Re: [GOsa] last(?) missing bit to use gosa in debian-edu out of the box
On Tue, May 18, 2010 at 09:52:08AM +0200, Ronny Aasen wrote:
> Holger Levsen wrote:
> > On Montag, 10. Mai 2010, Andreas B. Mundt wrote:
> >>> after having thought a bit more about the password issue, I think
> >>> we perhaps should add one more question during
> >>> installation/configuration of the main server: Enter the LDAP
> >>> password.
> > I think thats a bad idea, as we already ask for the root password.
> > We didnt want a(nother) password ldap-admin with lwat, so I dont see why we
> > want it with gosa.
> >>> What do you think? Any better ideas?
> >> next idea: how about creating this (gosa-) password randomly and use
> >> the "old" root pw in addition for command line tools?
> > so the gosa password would be for an account with the same right as ldap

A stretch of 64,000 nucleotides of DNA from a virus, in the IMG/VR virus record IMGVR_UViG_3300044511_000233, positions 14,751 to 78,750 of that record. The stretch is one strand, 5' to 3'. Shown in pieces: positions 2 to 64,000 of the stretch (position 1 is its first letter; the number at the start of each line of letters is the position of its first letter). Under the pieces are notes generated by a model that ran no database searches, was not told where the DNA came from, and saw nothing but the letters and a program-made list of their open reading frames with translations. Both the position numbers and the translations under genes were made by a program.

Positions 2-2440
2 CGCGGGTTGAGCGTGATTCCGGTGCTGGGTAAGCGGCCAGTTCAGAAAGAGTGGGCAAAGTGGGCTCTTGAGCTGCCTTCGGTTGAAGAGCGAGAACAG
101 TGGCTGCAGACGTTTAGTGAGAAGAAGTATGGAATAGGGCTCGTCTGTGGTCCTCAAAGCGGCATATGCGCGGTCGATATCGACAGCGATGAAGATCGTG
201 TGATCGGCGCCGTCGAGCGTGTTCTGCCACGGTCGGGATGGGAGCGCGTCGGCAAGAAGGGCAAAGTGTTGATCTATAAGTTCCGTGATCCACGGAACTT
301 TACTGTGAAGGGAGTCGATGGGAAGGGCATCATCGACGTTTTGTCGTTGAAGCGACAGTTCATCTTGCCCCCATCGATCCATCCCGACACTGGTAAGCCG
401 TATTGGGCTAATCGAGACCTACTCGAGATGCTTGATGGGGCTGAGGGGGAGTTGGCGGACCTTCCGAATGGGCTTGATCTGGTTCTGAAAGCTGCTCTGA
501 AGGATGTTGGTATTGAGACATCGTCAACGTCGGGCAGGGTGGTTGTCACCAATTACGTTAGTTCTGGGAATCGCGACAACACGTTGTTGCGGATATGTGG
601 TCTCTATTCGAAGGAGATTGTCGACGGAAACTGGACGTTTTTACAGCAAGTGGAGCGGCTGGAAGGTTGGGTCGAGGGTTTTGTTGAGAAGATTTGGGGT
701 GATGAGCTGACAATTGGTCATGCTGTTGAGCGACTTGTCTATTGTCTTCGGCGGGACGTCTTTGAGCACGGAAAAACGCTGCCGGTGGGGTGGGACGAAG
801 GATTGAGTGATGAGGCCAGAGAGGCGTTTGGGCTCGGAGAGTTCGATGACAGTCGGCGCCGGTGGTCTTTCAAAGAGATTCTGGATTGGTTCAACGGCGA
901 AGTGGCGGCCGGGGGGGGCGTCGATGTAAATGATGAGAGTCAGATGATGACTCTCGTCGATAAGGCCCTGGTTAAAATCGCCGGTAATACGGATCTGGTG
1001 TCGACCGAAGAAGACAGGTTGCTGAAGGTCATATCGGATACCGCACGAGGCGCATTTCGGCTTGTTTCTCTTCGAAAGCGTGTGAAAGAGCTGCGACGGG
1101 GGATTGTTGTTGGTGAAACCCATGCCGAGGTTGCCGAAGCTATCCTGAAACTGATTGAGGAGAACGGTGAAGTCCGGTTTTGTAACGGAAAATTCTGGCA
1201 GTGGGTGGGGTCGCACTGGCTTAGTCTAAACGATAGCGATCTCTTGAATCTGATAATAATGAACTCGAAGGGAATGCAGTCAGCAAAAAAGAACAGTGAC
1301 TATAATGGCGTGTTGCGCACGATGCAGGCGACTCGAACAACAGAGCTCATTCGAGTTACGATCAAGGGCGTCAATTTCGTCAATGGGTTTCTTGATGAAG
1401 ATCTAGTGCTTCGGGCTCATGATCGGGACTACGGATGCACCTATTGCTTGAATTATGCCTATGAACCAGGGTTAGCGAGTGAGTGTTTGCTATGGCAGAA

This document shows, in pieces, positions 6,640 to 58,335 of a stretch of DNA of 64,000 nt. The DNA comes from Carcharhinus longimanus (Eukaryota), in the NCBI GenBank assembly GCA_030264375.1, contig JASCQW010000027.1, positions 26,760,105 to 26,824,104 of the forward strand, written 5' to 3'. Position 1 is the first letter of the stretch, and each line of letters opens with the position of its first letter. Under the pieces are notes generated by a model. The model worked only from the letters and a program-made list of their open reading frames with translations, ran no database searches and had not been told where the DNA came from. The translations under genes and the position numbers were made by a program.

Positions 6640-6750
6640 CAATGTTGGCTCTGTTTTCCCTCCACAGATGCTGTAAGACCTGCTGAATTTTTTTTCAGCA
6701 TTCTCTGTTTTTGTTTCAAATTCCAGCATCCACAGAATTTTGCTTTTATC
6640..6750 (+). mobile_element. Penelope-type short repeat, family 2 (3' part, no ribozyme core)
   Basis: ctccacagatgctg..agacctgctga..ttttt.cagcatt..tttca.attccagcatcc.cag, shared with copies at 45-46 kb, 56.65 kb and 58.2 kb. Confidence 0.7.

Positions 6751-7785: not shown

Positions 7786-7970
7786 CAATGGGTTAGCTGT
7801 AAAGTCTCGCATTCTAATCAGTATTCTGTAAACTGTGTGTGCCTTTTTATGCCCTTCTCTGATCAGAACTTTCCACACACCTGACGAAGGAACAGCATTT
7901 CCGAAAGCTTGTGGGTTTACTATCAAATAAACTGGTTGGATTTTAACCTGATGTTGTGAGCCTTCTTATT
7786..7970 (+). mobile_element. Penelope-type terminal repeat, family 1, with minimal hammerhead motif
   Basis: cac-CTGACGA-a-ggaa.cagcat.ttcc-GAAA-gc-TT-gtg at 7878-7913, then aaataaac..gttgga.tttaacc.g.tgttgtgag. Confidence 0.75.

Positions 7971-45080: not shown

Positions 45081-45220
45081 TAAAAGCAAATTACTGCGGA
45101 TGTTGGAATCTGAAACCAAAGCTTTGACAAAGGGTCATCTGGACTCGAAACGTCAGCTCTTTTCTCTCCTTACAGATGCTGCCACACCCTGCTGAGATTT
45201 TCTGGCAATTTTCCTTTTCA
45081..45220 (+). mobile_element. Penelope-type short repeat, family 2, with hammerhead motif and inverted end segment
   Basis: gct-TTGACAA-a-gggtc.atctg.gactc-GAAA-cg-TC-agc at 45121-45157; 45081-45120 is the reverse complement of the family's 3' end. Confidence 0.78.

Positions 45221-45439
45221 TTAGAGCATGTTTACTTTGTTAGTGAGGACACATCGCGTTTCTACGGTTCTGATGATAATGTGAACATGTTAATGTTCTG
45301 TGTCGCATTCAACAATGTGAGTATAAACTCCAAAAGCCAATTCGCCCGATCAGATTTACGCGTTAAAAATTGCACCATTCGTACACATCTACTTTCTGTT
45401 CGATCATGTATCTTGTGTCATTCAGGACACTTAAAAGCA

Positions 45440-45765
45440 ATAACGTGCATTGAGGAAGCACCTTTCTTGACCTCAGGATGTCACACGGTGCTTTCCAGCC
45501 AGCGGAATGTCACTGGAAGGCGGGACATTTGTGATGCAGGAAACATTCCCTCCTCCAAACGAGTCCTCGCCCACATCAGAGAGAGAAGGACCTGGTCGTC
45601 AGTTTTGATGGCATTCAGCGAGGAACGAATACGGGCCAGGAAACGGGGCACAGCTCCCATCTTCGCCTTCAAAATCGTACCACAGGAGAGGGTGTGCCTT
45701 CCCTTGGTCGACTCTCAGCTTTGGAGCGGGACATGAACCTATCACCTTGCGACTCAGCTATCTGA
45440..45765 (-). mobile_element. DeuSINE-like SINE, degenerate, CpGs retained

> > admin, but with another name? (So that password can be random..)
> I think a spesific service account similar to smbadmin (gosadmin?) with
> random password is the best option.
> Why does gosa need this access anyway ? Could gosa not ask the user for
> the password to bind to ldap? In the same way that lwat does it today ?
> Or are there cronjobs _writing_ to ldap ?
Well, gosa handles the access permissions in a different way than
lwat. Where Lwat used access rules in slapd.conf, gosa handles its own
access control lists (ACLs). So you can define pretty accurate what
rights a user has and which objects and attributes he is allowed to
read and/or write to.
I haven't tested too much yet, but currently there is the super-admin
account which can do anything. All other accounts are allowed to
change only their password curently. I started defining predefined
ACLs for junior-admins and admins, but there is some more work needed.
Some more info is here:
Concerning the password access to ldap:
I am happy with the way it is done now, with a random password which
is saved on disk but you need read access to the key to decrypt it.
I am looking forward to have all these things running in our testing
installation and to discuss improvements.